Bank of Montreal (USA) (NYSE:BMO) is another Canadian bank that isn’t waiting around for interest rates to rise to grow its revenue. The bank acquired U.S. investment banking firm Greene Holcomb Fisher back in June. The deal reportedly doubled BMO’s exposure to the U.S. mergers and acquisition market.
“Given the financing markets are coming back, that bodes well for deal activity in the second half of the year,” BMO global head of investment & corporate banking Perry Hoffmeister said of the deal.
In addition to adding a new revenue source, BMO also recently announced plans to trim its workforce by 4% to cut costs.
BMO stock is already up 15.5% in 2016 is an extremely difficult environment for bank value stocks. However, even after the run, the stock still looks like a great value. Its forward P/E ratio is only 11.3. Its P/TBV is also a reasonable 1.46, the low end of its range since the financial crisis. BMO stock also pays an appealing 4.1% dividend at a payout ratio of 47%.
Back in August, RBC Capital Markets reiterated its “sector perform” rating on BMO stock, but upped its price target from $84 to $88.
Financial Value Stocks to Buy: PNC Financial (PNC)
Dividend Yield: 2.4%
After taking a conservative approach to lending in recent years, PNC Financial Services Group Inc (NYSE:PNC) recently committed to a more aggressive attitude. Wells Fargo & Co (NYSE:WFC) is still dealing with the PR blow-back from its cross-selling fraud scandal. However, PNC is now committed to increasing its cross-selling efforts.
“We’re rebuilding the engine here to drive gains and market share, increase cross-sell and reduce our costs to serve loans,” CEO William Demchak said earlier this month.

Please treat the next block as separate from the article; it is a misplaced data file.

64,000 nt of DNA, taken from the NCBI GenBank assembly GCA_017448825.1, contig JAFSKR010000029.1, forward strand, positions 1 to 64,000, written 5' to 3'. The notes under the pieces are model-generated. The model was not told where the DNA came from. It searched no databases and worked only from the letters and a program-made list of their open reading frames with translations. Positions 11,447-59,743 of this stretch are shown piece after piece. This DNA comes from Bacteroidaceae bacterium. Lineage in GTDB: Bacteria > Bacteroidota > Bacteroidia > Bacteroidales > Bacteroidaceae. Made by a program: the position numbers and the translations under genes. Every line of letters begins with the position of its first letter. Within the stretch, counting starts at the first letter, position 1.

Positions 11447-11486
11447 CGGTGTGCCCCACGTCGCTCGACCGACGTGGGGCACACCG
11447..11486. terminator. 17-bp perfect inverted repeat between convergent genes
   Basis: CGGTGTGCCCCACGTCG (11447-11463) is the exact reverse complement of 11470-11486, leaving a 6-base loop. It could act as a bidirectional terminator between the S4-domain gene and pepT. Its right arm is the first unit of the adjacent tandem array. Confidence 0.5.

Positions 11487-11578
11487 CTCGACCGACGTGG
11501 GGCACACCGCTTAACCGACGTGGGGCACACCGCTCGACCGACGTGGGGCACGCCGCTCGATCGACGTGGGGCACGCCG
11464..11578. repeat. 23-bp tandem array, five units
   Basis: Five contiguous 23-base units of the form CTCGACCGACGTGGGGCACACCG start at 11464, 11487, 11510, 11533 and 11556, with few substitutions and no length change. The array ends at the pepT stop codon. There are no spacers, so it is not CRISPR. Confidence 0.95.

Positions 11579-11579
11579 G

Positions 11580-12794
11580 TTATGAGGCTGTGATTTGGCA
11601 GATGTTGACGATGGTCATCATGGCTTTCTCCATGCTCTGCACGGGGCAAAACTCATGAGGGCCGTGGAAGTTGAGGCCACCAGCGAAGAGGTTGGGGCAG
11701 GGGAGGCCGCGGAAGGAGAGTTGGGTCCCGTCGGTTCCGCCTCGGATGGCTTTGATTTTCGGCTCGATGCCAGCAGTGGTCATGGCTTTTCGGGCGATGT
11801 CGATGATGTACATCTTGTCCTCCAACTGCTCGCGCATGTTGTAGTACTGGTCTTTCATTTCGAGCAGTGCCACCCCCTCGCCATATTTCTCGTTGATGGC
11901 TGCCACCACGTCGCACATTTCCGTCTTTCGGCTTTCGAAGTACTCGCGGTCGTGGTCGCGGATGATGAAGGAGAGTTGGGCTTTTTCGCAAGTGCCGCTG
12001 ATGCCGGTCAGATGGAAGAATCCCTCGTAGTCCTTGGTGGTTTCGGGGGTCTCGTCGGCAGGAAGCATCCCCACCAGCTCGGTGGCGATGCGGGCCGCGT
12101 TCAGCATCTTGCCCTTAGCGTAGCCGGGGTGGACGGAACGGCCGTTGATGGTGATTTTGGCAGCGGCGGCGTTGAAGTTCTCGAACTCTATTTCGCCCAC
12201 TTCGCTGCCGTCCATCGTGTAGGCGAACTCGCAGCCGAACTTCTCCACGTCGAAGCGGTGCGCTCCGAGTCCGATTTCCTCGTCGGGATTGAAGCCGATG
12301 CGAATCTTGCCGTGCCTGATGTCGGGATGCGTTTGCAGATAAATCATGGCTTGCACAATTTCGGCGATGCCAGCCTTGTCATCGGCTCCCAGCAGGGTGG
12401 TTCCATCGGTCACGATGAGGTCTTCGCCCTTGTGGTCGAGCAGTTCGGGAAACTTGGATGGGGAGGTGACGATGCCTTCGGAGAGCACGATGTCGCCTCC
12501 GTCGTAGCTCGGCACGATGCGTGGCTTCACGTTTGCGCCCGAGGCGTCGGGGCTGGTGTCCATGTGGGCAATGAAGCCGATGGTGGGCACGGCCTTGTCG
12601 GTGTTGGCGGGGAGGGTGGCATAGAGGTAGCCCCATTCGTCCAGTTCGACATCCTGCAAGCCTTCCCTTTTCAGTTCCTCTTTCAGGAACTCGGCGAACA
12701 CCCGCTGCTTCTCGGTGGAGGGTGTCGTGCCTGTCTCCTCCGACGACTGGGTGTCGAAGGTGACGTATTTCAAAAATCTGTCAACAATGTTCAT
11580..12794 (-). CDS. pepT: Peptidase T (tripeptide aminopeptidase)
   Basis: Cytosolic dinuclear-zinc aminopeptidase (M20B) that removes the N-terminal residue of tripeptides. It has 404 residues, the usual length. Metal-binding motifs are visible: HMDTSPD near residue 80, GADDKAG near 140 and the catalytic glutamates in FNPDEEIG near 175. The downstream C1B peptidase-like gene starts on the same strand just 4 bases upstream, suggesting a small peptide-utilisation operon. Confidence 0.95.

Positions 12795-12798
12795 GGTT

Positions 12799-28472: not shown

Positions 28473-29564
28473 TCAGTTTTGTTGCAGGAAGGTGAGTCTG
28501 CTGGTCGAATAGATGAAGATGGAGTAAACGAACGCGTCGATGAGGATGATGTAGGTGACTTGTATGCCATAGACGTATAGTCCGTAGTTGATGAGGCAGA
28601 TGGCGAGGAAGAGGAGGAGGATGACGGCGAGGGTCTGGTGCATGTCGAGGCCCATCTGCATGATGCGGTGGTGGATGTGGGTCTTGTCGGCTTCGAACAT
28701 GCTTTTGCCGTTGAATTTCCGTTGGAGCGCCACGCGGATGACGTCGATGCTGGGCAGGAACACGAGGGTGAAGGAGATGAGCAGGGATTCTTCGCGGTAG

This is the type of aggressive approach to growth that appeals to investors when a stock is already attractively valued. PNC stock currently trades at a price-earnings ratio of 12.5 and a P/TBV of only 1.06.
In addition, PNC pays a 2.4% dividend. And its tiny 31% payout ratio suggests plenty of room for additional dividend growth in the future as well.
Financial Value Stocks to Buy: Toronto-Dominion Bank (TD)
Dividend Yield: 3.9%
A common theme among these financial value stocks is that they are actively seeking out growth rather than sitting around and waiting for a better environment. Toronto-Dominion Bank (NYSE:TD) is no exception.
Just this month, the company acquired U.S. broker-dealer Albert Fried & Co. Much like the two other Canadian bank value stocks in this group, TD is looking to expand its presence in the U.S. market. The Albert Fried acquisition gives TD even more access to U.S. hedge fund clients.
From a value perspective, TD stock currently trades at a forward P/E of only 11.3. It also pays a generous 3.9% dividend at a payout ratio of only 45.5%.
Just this month, analysts at Citigroup reiterated their “buy” rating for the stock and raised its price target from $60 to $65. The new price target represents roughly 50% upside from the stock’s recent share price.
Financial Value Stocks to Buy: U.S. Bancorp (USB)
Dividend Yield: 2.6%
U.S. Bancorp (NYSE:USB) recently hosted an investor day in which the company revealed some impressive metrics. Cost/income is expected to remain around 50%, return on equity is projected above 13.5% and its return on assets should come in at above 1.4% in the near future.
Those numbers put all of the “big four” U.S. banks to shame. Yet, while most traders are aware of Warren Buffett’s big stake in WFC, the media rarely talks about his $3 billion-plus stake in USB. Buffett is the quintessential value investors; if he sees value in UBS, there must be something to it.
With numbers like those, it’s no wonder UBS has been able to consistently grow profits and revenue in recent quarters. In fact, USB’s revenue is now up more than 50% from its pre-financial-crisis level.
One look at the value metrics reveals what Buffett already knows. UBS stock trades at a forward P/E of 12.6 and pays a 2.6% dividend with a 31% payout ratio. UBS stock is already a value and running a smooth operation. If you add rising interest rates into the mix, it’s a recipe for major long-term upside.
As of this writing, Wayne Duggan did not hold a position in any of the aforementioned securities.